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Author Topic: So what do you think about wikileaks?  (Read 2368 times)
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ATB
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« on: November 28, 2010, 09:01:28 PM »

Trumpeter of freedom by combating secrecy with openness?  Threat to national security?

Thoughts/
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« Reply #1 on: November 28, 2010, 09:33:15 PM »

I think some people applaud it  icon_lol

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« Reply #2 on: November 28, 2010, 09:33:36 PM »

Internal government operating documents should not be subject to public scrutiny any more than your personal thoughts or journal should be opened up to everyone in your personal life.  Would your life benefit from your friends knowing everything that you said about them to your spouse, and vice versa?

The people running this have an anti-American agenda and should be classified as enemies of the state, with all actions able to us in the international community brought to bear against those who are responsible for their release.  Any domestic parties responsible for the release of these documents should be charged with treason.
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« Reply #3 on: November 28, 2010, 09:56:34 PM »

When the leaked documents reveal war crimes, I'm all for it. Nobody should get away with that kind of stuff. When they reveal internal diplomatic notes, they're rather pointless and end up helping nobody. In fact, they put innocent (and not so innocent) people's lives in severe danger.

I get the impression that the guy behind Wikileaks is simply desperate for attention and doesn't care if he causes anarchy with his methods.
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« Reply #4 on: November 28, 2010, 10:02:47 PM »

I'm sure he does care.  I'm sure that's his whole point.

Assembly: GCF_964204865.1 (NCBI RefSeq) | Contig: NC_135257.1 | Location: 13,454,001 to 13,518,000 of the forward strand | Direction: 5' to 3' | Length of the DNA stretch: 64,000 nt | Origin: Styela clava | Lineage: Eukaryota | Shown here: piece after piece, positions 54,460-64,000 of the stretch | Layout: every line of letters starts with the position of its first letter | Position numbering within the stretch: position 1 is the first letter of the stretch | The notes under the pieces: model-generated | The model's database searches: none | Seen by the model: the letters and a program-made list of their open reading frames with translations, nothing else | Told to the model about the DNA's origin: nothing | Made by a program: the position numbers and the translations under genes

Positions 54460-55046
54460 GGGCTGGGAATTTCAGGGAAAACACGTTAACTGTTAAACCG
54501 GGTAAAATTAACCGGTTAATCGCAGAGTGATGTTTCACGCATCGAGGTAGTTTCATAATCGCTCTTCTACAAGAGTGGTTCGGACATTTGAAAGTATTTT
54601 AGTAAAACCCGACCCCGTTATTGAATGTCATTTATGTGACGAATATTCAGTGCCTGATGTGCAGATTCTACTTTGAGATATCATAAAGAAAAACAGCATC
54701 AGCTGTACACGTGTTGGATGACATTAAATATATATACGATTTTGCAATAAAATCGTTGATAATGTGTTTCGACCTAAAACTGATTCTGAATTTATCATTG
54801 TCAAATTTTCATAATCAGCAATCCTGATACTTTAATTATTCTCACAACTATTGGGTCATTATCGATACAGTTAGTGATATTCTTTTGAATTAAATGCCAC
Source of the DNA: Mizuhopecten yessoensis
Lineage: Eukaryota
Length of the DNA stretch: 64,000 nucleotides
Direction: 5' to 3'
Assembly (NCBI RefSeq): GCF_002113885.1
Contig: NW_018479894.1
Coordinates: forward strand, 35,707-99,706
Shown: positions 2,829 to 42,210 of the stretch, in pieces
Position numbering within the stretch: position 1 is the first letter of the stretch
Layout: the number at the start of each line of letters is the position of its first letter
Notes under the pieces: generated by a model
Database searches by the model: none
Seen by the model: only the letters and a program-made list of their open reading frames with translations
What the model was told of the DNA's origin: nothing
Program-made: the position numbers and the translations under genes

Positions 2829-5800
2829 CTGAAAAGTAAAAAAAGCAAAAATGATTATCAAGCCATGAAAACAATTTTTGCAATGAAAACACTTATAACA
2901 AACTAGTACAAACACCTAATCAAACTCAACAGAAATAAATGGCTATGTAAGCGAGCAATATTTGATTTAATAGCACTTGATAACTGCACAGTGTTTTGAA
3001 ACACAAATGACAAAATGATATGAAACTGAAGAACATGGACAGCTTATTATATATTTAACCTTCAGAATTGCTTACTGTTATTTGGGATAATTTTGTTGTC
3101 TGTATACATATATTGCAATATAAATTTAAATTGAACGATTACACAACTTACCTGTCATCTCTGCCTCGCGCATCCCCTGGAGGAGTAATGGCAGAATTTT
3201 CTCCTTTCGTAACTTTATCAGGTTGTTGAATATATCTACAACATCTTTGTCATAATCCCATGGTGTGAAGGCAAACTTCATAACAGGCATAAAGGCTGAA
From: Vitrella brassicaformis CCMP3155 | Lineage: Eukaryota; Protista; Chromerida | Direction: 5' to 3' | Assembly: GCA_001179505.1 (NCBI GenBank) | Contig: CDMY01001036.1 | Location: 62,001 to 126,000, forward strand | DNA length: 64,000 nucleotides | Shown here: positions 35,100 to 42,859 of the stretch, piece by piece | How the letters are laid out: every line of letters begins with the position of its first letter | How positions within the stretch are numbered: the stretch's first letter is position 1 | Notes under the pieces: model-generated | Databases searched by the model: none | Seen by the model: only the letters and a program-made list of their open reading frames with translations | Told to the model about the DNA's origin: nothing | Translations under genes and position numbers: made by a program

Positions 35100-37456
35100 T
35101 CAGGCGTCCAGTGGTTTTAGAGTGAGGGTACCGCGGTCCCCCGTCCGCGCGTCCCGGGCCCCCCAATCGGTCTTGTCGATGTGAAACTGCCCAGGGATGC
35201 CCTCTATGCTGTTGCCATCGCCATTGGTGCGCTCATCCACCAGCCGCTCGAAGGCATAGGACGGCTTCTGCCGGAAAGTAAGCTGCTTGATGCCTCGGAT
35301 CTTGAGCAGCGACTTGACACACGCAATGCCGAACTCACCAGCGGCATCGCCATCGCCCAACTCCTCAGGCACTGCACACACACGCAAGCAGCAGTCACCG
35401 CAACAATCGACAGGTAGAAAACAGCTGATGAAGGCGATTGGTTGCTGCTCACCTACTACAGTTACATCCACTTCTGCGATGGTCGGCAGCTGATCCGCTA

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« Reply #5 on: November 28, 2010, 11:17:15 PM »

Quote from: Isgrimnur on November 28, 2010, 09:33:36 PM

Internal government operating documents should not be subject to public scrutiny any more than your personal thoughts or journal should be opened up to everyone in your personal life.  Would your life benefit from your friends knowing everything that you said about them to your spouse, and vice versa?

The people running this have an anti-American agenda and should be classified as enemies of the state, with all actions able to us in the international community brought to bear against those who are responsible for their release.  Any domestic parties responsible for the release of these documents should be charged with treason.

I agree completely.
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« Reply #6 on: November 29, 2010, 03:02:31 AM »

Case-by-case. Generally speaking, sunshine keeps our system honest (or at least keeps the riffraff on their toes). Abuses of power and illegalities need to be aired lest they continue. Government of-by-for the people must be accountable to the people.

I take exception to information that puts lives at risk or weakens our defenses.
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« Reply #7 on: November 29, 2010, 04:57:11 PM »